The Commens Dictionary

Quote from ‘On the Logic of Drawing History from Ancient Documents Especially from Testimonies (Logic of History)’


…logical criticism cannot go behind perceptual facts, which are the first judgments which we make concerning percepts. A perceptual fact is therefore an abstract affair. Each such fact covers only certain features of the percept. I look at an object and think that it seems white. That is my judgment of the object perceived, or my judgment concerning the percept, but not the percept itself; and it is idle to attempt to criticize by any logic that part of the performance of the intellect which draws that judgment from the percept, for the excellent reason that it is involuntary and cannot be prevented or corrected. Such a fact which represents the percept in a very meagre way, although it is, in itself, a relatively isolated fact, – as isolated as any fact can be, – nevertheless does not, in itself, call for any explanation.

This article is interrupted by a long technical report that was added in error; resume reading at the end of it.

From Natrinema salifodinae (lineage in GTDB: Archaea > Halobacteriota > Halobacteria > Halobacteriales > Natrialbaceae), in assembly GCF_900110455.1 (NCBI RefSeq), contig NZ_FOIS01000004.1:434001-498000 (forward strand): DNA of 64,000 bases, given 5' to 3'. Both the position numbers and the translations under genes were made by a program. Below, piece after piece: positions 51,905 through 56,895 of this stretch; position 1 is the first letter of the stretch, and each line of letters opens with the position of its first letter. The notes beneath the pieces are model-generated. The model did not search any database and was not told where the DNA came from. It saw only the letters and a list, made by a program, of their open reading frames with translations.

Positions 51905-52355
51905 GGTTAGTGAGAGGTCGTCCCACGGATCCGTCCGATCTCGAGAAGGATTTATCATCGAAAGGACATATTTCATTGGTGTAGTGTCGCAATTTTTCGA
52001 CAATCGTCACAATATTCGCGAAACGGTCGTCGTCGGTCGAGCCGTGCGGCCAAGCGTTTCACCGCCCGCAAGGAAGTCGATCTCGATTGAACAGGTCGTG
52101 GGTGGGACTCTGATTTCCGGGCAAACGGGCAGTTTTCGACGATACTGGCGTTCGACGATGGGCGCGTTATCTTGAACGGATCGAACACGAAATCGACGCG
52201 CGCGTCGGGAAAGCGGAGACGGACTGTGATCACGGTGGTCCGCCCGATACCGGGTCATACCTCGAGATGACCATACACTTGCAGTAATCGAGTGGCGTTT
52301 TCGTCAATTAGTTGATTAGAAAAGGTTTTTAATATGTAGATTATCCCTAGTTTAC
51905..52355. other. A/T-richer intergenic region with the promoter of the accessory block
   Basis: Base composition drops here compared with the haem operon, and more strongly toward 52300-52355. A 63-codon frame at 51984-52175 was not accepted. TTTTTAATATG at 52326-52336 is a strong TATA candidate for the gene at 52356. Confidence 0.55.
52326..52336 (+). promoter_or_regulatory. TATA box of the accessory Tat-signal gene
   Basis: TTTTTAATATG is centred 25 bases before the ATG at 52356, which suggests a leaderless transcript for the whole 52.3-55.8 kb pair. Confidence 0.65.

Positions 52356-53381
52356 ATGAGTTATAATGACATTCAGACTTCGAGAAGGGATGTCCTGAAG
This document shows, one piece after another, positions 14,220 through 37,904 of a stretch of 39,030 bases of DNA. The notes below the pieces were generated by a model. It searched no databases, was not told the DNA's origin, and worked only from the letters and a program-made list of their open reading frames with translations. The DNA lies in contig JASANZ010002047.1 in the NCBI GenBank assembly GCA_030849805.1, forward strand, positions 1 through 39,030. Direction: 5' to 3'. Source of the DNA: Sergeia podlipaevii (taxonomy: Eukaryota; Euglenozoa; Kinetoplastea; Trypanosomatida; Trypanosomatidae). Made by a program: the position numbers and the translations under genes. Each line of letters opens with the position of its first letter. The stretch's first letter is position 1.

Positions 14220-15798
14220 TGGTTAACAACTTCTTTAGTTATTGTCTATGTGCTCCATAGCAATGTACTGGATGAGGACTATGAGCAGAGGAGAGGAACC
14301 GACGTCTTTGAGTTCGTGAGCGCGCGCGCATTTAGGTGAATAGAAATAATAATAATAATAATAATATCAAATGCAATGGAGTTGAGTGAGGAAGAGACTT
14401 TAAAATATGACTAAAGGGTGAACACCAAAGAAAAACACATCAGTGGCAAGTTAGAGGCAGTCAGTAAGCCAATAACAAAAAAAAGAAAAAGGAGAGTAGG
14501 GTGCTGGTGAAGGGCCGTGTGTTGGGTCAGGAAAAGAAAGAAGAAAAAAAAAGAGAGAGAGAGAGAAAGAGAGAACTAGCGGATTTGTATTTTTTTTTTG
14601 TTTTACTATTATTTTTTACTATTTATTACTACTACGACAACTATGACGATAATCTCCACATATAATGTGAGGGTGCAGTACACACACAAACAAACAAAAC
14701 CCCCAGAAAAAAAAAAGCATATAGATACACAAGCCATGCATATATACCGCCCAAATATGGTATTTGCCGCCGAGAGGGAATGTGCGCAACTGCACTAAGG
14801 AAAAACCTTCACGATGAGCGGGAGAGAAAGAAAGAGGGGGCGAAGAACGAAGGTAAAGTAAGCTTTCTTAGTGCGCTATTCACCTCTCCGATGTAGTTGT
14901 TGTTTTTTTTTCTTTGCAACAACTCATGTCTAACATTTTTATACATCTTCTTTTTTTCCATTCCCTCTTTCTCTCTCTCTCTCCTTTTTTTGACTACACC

EP 2:92; CP 7.198
‘Perceptual Fact’ (pub. 19.07.15-19:45). Quote in M. Bergman & S. Paavola (Eds.), The Commens Dictionary: Peirce's Terms in His Own Words. New Edition. Retrieved from
Jul 19, 2015, 19:45 by Mats Bergman